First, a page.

After living on the East Coast for eight years, I’d recently left New York City to take a job at an investigative reporting magazine in San Francisco. If it seems odd that I was a fully employed editor who lived in a thirty-two-square-foot shack, that’s precisely the point: my situation was evidence of how distorted the Bay Area housing market had become, the brutality inflicted upon the poor now trickling up to everyone but the super-rich. The problem was nationwide, although, as Californians tend to do, they’d taken this trend to an extreme. Across the state, a quarter of all apartment dwellers spent half of their incomes on rent. Nearly half of the country’s unsheltered homeless population lived in California, even while the state had the highest concentration of billionaires in the nation. In the Bay Area, including West Oakland, where my shack was located, the crisis was most acute. Tent cities had sprung up along the sidewalks, swarming with capitalism’s refugees. Telegraph, Mission, Market, Grant: every bridge and overpass had become someone’s roof.

Post
Perhaps the World Ends Here·

= Subscribers only.
Sign in here.
Subscribe here.

Climate disaster at Wounded Knee

Article
Body Language·

= Subscribers only.
Sign in here.
Subscribe here.

I am eight years old, sitting in my childhood kitchen, ready to watch one of the home videos my father has made. The videotape still exists somewhere, so somewhere she still is, that girl on the screen: hair that tangles, freckles across her nose that in time will spread across one side of her forehead. A body that can throw a baseball the way her father has shown her. A body in which bones and hormones lie in wait, ready to bloom into the wide hips her mother has given her. A body that has scars: the scars over her lungs and heart from the scalpel that saved her when she was a baby, the invisible scars left by a man who touched her when she was young. A body is a record or a body is freedom or a body is a battleground. Already, at eight, she knows it to be all three.

But somebody has slipped. The school is putting on the musical South Pacific, and there are not enough roles for the girls, and she is as tall as or taller than the boys, and so they have done what is unthinkable in this striving 1980s town, in this place where the men do the driving and the women make their mouths into perfect Os to apply lipstick in the rearview. For the musical, they have made her a boy.

No, she thinks. They have allowed her to be a boy.

Article
Trash, Rock, Destroy·

= Subscribers only.
Sign in here.
Subscribe here.

The writer and filmmaker Virginie Despentes lives in a nondescript modern building in the Belleville neighborhood of Paris. I know it well: it has a Bricorama—like a French Home Depot—on the ground floor, where we sometimes had cause to shop back when we lived in the neighborhood. The people who work there seemed to hate their jobs more than most; they were often absent from the sales floor. In the elevator to Despentes’s apartment, I marvel that while I was trying to get someone to help me find bathroom grout she was right upstairs, with her partner, Tania, a Spanish tattoo artist who goes by the name La Rata, like someone out of one of Despentes’s novels.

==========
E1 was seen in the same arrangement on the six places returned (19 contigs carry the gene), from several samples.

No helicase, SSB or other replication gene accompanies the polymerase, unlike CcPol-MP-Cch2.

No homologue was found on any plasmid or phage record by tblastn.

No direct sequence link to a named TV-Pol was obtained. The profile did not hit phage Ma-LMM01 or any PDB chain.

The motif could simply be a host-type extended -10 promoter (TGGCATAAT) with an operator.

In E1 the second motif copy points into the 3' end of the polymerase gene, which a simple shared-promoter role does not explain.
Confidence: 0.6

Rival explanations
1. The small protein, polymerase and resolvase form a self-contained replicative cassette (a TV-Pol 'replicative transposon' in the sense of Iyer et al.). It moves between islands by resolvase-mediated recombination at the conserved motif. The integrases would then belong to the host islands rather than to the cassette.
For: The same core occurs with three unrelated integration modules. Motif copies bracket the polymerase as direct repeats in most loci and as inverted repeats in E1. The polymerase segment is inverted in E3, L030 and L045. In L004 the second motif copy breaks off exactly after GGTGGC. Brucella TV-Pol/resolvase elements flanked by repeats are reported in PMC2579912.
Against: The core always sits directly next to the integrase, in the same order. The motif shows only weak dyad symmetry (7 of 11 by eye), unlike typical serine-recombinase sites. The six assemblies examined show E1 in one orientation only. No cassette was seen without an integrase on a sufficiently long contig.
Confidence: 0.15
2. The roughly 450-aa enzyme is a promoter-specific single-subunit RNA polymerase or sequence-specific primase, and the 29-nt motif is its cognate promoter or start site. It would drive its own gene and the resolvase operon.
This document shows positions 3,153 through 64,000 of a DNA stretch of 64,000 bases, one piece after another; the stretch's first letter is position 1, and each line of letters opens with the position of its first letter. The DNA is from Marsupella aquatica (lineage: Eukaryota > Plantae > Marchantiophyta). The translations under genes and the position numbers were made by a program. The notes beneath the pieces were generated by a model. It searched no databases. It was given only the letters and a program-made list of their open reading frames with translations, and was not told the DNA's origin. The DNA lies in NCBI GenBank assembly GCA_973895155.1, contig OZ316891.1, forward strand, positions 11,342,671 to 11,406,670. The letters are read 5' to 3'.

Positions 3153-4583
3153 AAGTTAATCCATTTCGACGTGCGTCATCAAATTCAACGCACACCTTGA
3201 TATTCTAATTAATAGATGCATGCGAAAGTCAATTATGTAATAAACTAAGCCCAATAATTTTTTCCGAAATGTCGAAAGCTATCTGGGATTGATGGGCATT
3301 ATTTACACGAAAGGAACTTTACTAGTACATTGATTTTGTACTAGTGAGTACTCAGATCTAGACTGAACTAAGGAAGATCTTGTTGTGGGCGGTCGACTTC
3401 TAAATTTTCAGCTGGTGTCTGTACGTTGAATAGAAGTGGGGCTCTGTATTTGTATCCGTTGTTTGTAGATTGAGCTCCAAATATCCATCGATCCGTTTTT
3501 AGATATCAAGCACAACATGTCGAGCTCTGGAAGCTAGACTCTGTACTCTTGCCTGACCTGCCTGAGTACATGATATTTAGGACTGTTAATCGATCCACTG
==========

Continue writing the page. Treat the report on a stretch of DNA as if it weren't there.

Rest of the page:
In an email before our meeting, Despentes asked that we not do a photo shoot. “There are so many images available already,” she explained. Much had been written about her, too. A Google search yielded page after page: profiles, interviews, reviews, bits and bobs—she read from Pasolini at a concert with Béatrice Dalle; someone accused her of plagiarizing a translation; a teacher in Switzerland was fired for teaching her work. The week I met her, she appeared in the culture magazine Les Inrockuptibles in conversation with the rapper-turned-actor JoeyStarr. The woman is simply always in the news.

Article
The Red Dot·

= Subscribers only.
Sign in here.
Subscribe here.

That night at the window, looking out at the street full of snow, big flakes falling through the streetlight, I listened to what Anna was saying. She was speaking of a man named Karl. We both knew him as a casual acquaintance—thin and lanky like Ichabod Crane, with long hair—operating a restaurant down in the village whimsically called the Gist Mill, with wood paneling, a large painting of an old gristmill on a river on one wall, tin ceilings, and a row of teller cages from its previous life as a bank. Karl used to run along the river, starting at his apartment in town and turning back about two miles down the path. He had been going through the divorce—this was a couple of years ago, of course, Anna said—and was trying to run through his pain.

Cost of renting a giant panda from the Chinese government, per day:

$1,500

A recent earthquake in Chile was found to have shifted the city of Concepción ten feet to the west, shortened Earth’s days by 1.26 microseconds, and shifted the planet’s axis by nearly three inches.

The Chevrolet Suburban sport utility vehicle was given a star on the Hollywood Walk of Fame.

Subscribe to the Weekly Review newsletter. Don’t worry, we won’t sell your email address!

HARPER’S FINEST

Jesus Plus Nothing

= Subscribers only.
Sign in here.
Subscribe here.

By

At Ivanwald, men learn to be leaders by loving their leaders. “They’re so busy loving us,” a brother once explained to me, “but who’s loving them?” We were. The brothers each paid $400 per month for room and board, but we were also the caretakers of The Cedars, cleaning its gutters, mowing its lawns, whacking weeds and blowing leaves and sanding. And we were called to serve on Tuesday mornings, when The Cedars hosted a regular prayer breakfast typically presided over by Ed Meese, the former attorney general. Each week the breakfast brought together a rotating group of ambassadors, businessmen, and American politicians. Three of Ivanwald’s brothers also attended, wearing crisp shirts starched just for the occasion; one would sit at the table while the other two poured coffee. 

Subscribe Today